color component intensities so they are  nonnegative  and	 don't
	      exceed the output	image's	maxval.

	      This  may	seem like a strange thing to do, but it	has uses.  You
	      can use it to brighten or	darken or saturate or desaturate areas
	      of  the  underlay	 image.	 See  this description(5) of the tech-
	      nique.

	      This option was added in Netpbm 10.6 (July 2002).	 Before	Netpbm
	      10.15  (April 2003), values less than zero or greater than unity
	      were not allowed.

       -mixtransparency
	      This option controls what	pamcomp	does where both	the underlying
	      and overlay image	are non-opaque.

	      By  default,  the	 output	image has the same transparency	as the
	      underlying image and the transparency of	the  underlying	 image
	      has no effect on the composition of color.

	      But  with	this option, pamcomp composes the image	according to a
	      plastic transparency metaphor: the underlying and	overlay	images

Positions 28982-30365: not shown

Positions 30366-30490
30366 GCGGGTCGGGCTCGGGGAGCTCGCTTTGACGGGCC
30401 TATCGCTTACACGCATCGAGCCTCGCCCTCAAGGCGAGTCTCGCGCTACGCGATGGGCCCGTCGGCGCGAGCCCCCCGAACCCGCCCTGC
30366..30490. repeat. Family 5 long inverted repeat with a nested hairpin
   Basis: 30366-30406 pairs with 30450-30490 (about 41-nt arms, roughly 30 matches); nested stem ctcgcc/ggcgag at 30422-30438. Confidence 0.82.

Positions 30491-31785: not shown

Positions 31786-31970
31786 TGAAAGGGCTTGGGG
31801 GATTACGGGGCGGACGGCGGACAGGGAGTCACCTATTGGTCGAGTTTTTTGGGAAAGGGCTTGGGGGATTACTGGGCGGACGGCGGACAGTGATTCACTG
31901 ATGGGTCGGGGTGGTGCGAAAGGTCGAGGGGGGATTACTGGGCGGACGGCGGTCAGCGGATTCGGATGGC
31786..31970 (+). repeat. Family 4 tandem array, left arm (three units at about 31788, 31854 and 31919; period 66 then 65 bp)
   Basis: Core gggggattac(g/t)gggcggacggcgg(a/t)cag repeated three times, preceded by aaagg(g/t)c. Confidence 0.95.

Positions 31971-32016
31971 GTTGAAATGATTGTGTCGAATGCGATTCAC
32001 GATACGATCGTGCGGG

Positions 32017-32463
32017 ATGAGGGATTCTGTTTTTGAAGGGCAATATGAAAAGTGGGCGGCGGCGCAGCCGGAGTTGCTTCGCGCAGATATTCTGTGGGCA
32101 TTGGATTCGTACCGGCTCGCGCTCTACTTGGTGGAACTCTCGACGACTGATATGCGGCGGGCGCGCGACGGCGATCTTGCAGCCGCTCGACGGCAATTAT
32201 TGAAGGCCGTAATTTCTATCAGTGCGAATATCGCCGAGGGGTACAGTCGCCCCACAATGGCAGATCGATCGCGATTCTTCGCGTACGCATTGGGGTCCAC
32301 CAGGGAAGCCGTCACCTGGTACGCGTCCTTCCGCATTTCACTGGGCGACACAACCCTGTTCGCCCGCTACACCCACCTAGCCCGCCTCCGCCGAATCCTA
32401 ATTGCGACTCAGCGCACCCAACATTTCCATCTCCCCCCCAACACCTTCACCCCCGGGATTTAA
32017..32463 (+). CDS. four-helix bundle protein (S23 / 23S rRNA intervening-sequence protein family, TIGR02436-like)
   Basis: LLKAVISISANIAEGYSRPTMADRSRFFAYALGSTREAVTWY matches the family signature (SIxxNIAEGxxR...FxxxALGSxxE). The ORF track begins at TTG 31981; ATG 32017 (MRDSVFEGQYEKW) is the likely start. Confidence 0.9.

are  plastic slides.  The	output image is	the slide you get when
	      you stack	up those two slides.  So the transparency of the  out-
	      put  is  a combination of	the transparency of the	inputs and the
	      transparency of the underlying image affects the underlying  im-
	      age's contribution to the	output image's color.

	      Unlike  the  metaphorical	 slide,	 a  PAM	pixel has a color even
	      where it is completely transparent, so pamcomp departs from  the
	      metaphor	in  that  case and makes the output color identical to
	      the underlying image.

	      This option was new in Netpbm 10.56  (September  2011).	Before
	      that,  the  output  is always opaque and the pamcomp ignores the
	      transparency of the underlying image.

       -linear
	      This option indicates that the inputs are	not true Netpbm	images
	      but  rather  a  light-intesity-proportional  variation.  This is
	      relevant only when you mix pixels, using the -opacity option  or
	      a	transparency mask (the -alpha option).

	      The transparency mask and	-opacity values	indicate a fraction of
	      the light	intensity of a pixel.  But the PNM and	PNM-equivalent
	      PAM image	formats	represent intensities with gamma-adjusted num-
	      bers that	are not	linearly proportional to intensity.   So  pam-
	      comp,  by	 default,  performs  a calculation on each sample read
	      from its input and each sample written to	its output to  convert
	      between these gamma-adjusted numbers and internal	intensity-pro-